The Jesus Rally

Sermon on the mount

Jesus had rallies that attracted thousands, too. Here's how they went.

Christians make a big deal out of "discipleship." We claim that we are disciples of Jesus and most churches consider the call of Jesus to "Go into all the world and make disciples" (Matthew 28:19) to be at the heart of their mission. Our discipleship doesn't seem to be showing.

A disciple is one who learns from a master teacher, and we claim that our Master is Jesus. We are not disciples of Falwell or Graham; Spong or Borg. We are not disciples of Scalia or Ginsberg, or any political candidate on either side either now or from days past. We are disciples of Jesus; or so we say.

But what does it mean to be a disciple of Jesus in America in 2016? We know what our political rallies look like. Jesus had rallies, too. People came by the thousands. They, too, were the marginalized, the downtrodden, and those who felt the boot of government on their necks. Jesus drew crowds who had lost lands and jobs and dignity through no fault of their own. So what did he say to these people who felt their government didn't give a flip about their needs and concerns--even their life or death? How did Jesus lead his rallies?

First, he blessed them (Luke 6:20-23):

“Blessed are you who are poor,
for yours is the kingdom of God.
“Blessed are you who are hungry now,
for you will be filled.
“Blessed are you who weep now,
for you will laugh.
“Blessed are you when people hate you, and when they exclude you, revile you, and defame you on account of the Son of Man. Rejoice in that day and leap for joy, for surely your reward is great in heaven; for that is what their ancestors did to the prophets."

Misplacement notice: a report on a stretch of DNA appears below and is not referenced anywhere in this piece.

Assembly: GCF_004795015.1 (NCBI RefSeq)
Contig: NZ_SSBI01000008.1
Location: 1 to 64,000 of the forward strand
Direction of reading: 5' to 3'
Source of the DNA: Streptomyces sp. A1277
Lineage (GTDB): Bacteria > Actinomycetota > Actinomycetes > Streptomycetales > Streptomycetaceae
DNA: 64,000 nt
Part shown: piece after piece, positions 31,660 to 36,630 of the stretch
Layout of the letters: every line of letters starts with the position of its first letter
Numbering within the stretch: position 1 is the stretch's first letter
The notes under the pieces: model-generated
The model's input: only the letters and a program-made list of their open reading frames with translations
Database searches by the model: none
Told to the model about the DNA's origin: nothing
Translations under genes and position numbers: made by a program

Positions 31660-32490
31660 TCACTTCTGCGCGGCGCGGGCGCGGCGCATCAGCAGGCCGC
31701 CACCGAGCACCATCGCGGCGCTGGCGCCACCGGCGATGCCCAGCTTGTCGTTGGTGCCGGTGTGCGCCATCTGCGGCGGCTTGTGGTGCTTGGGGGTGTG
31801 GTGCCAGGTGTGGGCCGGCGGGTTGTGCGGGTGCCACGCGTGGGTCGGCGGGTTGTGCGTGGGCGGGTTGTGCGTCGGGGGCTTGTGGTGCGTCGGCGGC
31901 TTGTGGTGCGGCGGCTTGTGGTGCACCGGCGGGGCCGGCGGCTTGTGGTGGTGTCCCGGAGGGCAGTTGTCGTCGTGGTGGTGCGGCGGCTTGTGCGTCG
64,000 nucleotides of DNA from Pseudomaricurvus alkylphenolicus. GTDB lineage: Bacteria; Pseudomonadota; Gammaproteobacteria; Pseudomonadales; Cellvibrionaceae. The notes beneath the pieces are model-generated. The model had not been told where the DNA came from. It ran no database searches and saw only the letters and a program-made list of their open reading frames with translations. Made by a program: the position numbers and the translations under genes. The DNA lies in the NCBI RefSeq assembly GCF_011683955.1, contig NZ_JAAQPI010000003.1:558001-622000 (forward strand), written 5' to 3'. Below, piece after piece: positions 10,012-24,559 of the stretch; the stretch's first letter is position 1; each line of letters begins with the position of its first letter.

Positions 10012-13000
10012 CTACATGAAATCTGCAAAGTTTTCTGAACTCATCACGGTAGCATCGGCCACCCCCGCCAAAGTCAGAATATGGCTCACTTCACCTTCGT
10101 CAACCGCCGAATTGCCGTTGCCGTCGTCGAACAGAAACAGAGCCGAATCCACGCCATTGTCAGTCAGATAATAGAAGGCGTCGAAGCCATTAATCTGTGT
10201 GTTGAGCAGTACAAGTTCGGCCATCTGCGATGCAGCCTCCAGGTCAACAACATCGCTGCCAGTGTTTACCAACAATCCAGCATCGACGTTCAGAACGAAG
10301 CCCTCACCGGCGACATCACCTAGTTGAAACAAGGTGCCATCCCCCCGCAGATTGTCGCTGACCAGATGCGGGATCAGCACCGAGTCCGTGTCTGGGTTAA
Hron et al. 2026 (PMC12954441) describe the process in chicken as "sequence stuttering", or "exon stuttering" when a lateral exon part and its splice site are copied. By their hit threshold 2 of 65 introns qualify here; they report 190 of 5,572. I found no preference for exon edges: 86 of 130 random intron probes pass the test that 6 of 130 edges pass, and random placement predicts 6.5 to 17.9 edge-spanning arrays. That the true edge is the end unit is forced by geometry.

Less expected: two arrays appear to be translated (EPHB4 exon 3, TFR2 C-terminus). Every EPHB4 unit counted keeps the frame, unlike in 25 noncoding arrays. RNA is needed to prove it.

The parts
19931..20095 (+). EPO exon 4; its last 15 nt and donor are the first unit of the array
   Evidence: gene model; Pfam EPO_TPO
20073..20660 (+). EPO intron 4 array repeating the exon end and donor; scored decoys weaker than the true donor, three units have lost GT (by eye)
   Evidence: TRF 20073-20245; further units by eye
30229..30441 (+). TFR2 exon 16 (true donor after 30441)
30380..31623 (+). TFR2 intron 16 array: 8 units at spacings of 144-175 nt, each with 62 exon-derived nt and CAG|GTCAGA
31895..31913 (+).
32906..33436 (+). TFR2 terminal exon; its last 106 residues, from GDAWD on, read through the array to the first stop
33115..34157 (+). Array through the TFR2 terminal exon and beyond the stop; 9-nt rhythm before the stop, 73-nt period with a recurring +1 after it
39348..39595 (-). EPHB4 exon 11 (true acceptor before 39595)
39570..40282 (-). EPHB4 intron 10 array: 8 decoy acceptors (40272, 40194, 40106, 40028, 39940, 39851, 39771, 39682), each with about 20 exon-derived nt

Then, he called out their oppressors (Luke 6:24-26):

“But woe to you who are rich,
for you have received your consolation.
“Woe to you who are full now,
for you will be hungry.
“Woe to you who are laughing now,
for you will mourn and weep.
“Woe to you when all speak well of you, for that is what their ancestors did to the false prophets."

And then he told them how to behave in the difficult situation in which they found themselves (Luke 6:27-36):

“But I say to you that listen, Love your enemies, do good to those who hate you, bless those who curse you, pray for those who abuse you. If anyone strikes you on the cheek, offer the other also; and from anyone who takes away your coat do not withhold even your shirt. Give to everyone who begs from you; and if anyone takes away your goods, do not ask for them again. Do to others as you would have them do to you.

“If you love those who love you, what credit is that to you? For even sinners love those who love them. If you do good to those who do good to you, what credit is that to you? For even sinners do the same. If you lend to those from whom you hope to receive, what credit is that to you? Even sinners lend to sinners, to receive as much again. But love your enemies, do good, and lend, expecting nothing in return. Your reward will be great, and you will be children of the Most High; for he is kind to the ungrateful and the wicked. Be merciful, just as your Father is merciful."

You may think that is naive or stupid or unrealistic. But the saints at Mother Emmanuel Church showed us its power when they stood up and forgave the white supremacist who gunned down their loved ones. So did the Amish community in Lancaster, PA in 2006 when they stood up and forgave the man who lined up and shot ten schoolgirls. 

Many people find they simply cannot do this and will not try, and that is understandable. Loving your enemies is not the easy or the politically expedient road. But it is the command of Jesus. If you want to claim that you are a disciple of Jesus, then that is the path you are choosing. Let it show.


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